The criticism? It encourages discrimination against men.
It seems the firm will not be doing anything so discriminatory. If the plans under discussion go through, it will merely be setting a target, not fixing a quota. And the targets are only for candidate numbers, not the number of successful applicants.
It has not confirmed what the target will be, but one commenter sensibly suggested 50 per cent as the only way the annual promotions slate can effectively mirror society.
Semantics over targets and quotas aside, the firm has plenty to do to redress its gender imbalance. The proportion of newly promoted partners who are women has dwindled over the past five years, with 15 per cent of this year’s successful applicants being female.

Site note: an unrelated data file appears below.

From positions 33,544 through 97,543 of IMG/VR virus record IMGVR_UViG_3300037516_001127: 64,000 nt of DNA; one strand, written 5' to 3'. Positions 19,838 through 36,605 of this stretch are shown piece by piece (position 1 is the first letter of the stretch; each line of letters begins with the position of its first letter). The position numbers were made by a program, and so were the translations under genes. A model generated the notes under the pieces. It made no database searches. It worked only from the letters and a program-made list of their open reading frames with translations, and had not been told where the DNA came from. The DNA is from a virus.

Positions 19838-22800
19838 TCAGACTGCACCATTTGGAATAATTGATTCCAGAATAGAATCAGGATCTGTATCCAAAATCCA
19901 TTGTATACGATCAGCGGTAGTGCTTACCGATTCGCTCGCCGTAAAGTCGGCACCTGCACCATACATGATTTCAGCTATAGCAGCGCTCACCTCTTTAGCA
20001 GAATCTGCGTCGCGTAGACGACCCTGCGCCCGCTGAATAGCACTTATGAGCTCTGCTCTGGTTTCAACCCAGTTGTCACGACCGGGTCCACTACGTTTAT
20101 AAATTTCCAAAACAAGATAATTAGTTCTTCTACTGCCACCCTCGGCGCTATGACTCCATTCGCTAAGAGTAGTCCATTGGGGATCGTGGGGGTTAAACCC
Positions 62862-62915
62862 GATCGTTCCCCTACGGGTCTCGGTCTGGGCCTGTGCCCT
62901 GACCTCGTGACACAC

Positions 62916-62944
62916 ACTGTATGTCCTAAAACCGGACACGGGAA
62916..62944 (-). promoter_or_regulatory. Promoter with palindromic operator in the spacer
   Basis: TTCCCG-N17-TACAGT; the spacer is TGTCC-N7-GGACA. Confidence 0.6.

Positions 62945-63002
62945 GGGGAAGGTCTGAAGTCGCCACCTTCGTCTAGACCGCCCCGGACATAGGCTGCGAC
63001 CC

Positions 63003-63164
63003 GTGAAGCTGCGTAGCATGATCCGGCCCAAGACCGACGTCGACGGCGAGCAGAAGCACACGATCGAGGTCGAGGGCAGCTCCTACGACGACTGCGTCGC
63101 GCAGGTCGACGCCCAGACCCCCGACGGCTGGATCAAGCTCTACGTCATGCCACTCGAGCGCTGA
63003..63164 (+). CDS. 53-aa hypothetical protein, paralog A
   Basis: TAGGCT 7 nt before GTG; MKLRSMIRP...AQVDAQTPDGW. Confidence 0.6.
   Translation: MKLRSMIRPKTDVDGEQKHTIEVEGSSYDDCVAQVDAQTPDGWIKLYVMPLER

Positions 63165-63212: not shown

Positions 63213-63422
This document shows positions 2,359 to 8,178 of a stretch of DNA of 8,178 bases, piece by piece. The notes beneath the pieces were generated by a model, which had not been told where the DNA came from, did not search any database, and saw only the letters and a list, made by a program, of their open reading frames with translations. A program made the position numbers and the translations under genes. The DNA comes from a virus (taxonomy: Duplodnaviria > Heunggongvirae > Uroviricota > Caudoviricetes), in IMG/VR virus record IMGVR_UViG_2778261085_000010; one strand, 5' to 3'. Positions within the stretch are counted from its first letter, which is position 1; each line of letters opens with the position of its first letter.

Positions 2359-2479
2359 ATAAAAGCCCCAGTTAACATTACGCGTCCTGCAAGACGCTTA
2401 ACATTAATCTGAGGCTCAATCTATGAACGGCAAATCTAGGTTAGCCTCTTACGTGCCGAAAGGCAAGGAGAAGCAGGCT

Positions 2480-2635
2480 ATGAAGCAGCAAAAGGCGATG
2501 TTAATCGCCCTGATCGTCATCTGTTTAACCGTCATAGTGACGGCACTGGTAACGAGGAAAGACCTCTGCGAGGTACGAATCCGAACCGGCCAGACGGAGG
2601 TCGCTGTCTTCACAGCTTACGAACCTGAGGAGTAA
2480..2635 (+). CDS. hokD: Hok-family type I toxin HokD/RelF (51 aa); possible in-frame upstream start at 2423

Things were better for female associates with partnership hopes in 2008, when five of the firm’s 25 new partners were women. 2008 also saw the highest raw number of female promotions for the firm in the past five years. The percentage saw a slight hike in 2009 (21 per cent female) despite a drop in overall promotions from 25 to 14. It reached 22 per cent in 2010, the high point of the past five years, but 2011 and 2012 saw much lower levels, at 10 and 15 per cent respectively.
By contrast, five of Clifford Chance’s 27 newly promoted partners this year were women (19 per cent of total). Linklaters promoted six women out of 23 (26 per cent), making it top for female magic circle partner promotions.
Slaughter and May did not make up any females this year, although it only promoted two men.
Firms do not reveal the identities of candidates who do not ultimately get promoted, so it will not necessarily be clear whether Freshfields ever hits its mooted target, whatever the target will be.
But the proof will be in the final result: if it can overtake rival Linklaters for female partnership promotions within a few years, we will know the ploy has worked.